Cleveland-Cliffs Buyer’s Climbing Stake

May 30, 2008

May 29 (Barron’s) – Shares of Cleveland-Cliffs (ticker: CLF) have almost tripled in the past 12 months on the demand for steel and its rising price. But one institutional investor thinks the run has just begun, digging into its pockets to acquire an additional $100 million in the mining company’s stock.

On May 22 and 23, Harbinger Capital purchased 1.1 million shares for $102 million, an average of $92.75 a share. Harbinger, a subsidiary of Birmingham, Ala.-based Harbert Management, now owns 13.9 million shares of Cleveland-Cliffs, a 15.3% stake.

Since the beginning of 2008, Harbinger has bought nearly four million shares, investing more than $275 million in Cleveland-Cliffs, the largest producer of iron-ore pellets in North America.

A spokesman for Cleveland-based Cleveland-Cliffs said that as it is a public company “any person or institution can purchase our common shares on the open market, and we would view Harbinger no differently than our other shareholders. We consider [share purchases] by any individual or firm as an endorsement on our prospects to generate value in the future.”

Harbinger did not return phone calls seeking comment.

While the Dow Jones U.S. Steel Index gained 31.3% in the last 12 months, Cleveland-Cliffs racked up gains of 173.9%.

“With Harbinger putting this much money into the stock at this point, as they continue to pour more money in as shares have gone higher, they obviously feel there’s still some room to run,” says Ben Silverman, director of research at InsiderScore.com. “Harbinger is an event-driven hedge fund, so they might also feel there’s going to be some event down the road, such as the company being acquired, but it’s a pretty big position for them not to be in it for the long term.”

Cleveland-Cliffs’ stock has recently almost quadrupled an Aug. 16 52-week intraday low of $28.20. Shares reached an intraday high of $107.15 on Wednesday.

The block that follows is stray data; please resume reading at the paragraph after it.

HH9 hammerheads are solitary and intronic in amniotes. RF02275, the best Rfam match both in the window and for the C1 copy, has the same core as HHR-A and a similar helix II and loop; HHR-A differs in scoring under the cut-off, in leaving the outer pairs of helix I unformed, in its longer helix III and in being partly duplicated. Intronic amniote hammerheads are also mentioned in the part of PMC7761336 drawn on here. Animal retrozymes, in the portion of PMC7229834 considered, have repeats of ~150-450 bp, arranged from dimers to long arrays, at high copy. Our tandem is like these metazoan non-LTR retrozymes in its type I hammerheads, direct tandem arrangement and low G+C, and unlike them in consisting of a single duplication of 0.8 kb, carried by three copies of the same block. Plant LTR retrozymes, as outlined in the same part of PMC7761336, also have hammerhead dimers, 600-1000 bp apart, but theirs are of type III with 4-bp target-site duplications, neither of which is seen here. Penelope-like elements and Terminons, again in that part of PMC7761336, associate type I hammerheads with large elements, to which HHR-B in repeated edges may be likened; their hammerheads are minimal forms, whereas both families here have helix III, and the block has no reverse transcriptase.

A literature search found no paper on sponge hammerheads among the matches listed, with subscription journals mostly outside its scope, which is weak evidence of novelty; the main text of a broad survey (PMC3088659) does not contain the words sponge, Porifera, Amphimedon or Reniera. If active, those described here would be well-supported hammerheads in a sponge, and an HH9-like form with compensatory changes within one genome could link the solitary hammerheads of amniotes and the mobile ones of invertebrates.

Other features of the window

On Thursday shares lost $5.91 to $101.09.

“At the price Harbinger made the buys, they’re still up 10%, even with today’s drop,” says Silverman. “And Cleveland-Cliffs’ guidance for pricing for iron ore and metallurgical coal, which goes into making steel, has been raised in terms of the average selling price they expect.”

Still, Cleveland-Cliffs’ first-quarter results were less than stellar, with profit dropping to $16.7 million, or 32 cents a share, from $32.5 million, or 62 cents a share, a year earlier, dragged down by unsettled benchmark prices and higher tax rates. On average, analysts were expecting earnings of $1 a share.

Despite the results, analysts remain bullish on Cleveland-Cliffs, and those surveyed by Thomson Reuters rated the company at Buy or the equivalent, with a 12-month target price of $82.88.

In a research note following the earnings report, Deutsche Bank Securities analyst Jorge Beristain wrote that 2008 guidance “remains on track” and upbeat. Beristain maintained his Buy rating on Cleveland-Cliffs and raised his target price to $115 from $85.

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